Greatest Bengalis in history, (clockwise, from top left) HS Suhrawardy and Bangabandhu Sheikh Mujibur Rahman, Rabindranath Tagore, and Jagadish Chandra Bose
Wikimedia Commons

Former Prime Ministers Margaret Thatcher, Lloyd George, Tony Blair and the Duke of Wellington were in the list of the 100 greatest Britons, but Gladstone, Disraeli, Attlee, Pitt the Younger and Harold Wilson were not. William Blake was at No 38 in the list, but not included were Milton, Wordsworth, Keats and Byron. Julie Andrews was at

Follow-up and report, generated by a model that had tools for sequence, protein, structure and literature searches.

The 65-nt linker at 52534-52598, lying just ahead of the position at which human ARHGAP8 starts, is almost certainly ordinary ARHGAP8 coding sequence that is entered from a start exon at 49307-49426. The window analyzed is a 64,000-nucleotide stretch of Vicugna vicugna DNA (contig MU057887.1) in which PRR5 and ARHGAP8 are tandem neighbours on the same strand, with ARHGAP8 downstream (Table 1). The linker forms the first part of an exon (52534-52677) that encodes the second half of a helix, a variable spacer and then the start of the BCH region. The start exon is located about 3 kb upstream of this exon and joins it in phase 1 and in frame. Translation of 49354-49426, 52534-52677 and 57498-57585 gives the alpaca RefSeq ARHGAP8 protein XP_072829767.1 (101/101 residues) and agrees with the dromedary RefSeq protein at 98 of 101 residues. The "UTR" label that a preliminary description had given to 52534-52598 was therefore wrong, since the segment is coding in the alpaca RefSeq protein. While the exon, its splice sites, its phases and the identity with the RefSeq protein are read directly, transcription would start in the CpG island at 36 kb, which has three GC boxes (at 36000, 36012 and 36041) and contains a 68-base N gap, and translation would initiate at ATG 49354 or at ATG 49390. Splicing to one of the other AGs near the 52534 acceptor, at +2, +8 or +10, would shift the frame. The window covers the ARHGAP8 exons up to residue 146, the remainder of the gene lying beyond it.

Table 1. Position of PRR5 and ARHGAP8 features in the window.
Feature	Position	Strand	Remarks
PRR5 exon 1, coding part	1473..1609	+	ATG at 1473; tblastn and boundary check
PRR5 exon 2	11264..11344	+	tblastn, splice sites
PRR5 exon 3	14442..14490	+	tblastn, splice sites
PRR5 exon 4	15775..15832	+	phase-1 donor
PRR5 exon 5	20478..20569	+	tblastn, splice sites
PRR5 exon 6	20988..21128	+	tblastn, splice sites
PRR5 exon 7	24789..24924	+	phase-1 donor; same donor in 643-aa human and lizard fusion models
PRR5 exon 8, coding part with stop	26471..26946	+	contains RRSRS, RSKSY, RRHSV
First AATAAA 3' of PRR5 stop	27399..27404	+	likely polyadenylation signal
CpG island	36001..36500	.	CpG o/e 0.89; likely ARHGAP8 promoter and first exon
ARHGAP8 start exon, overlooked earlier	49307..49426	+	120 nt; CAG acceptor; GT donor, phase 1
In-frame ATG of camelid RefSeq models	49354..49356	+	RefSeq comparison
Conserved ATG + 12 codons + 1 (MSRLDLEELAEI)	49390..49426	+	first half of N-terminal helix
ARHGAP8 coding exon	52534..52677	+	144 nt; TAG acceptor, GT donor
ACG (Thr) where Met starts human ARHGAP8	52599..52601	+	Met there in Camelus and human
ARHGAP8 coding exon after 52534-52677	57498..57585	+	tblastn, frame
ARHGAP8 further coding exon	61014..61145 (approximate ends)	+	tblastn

Mrs Thatcher; the reigning monarch, Queen Elizabeth II, was at No 24, and the late Queen Elizabeth, the Queen Mother, was at No 61. Footballers David Beckham and Bobby Moore were included, but not cricketers WG Grace or Jack Hobbs. Aneurin Bevan, Tony Benn, and also Enoch Powell, on the other side of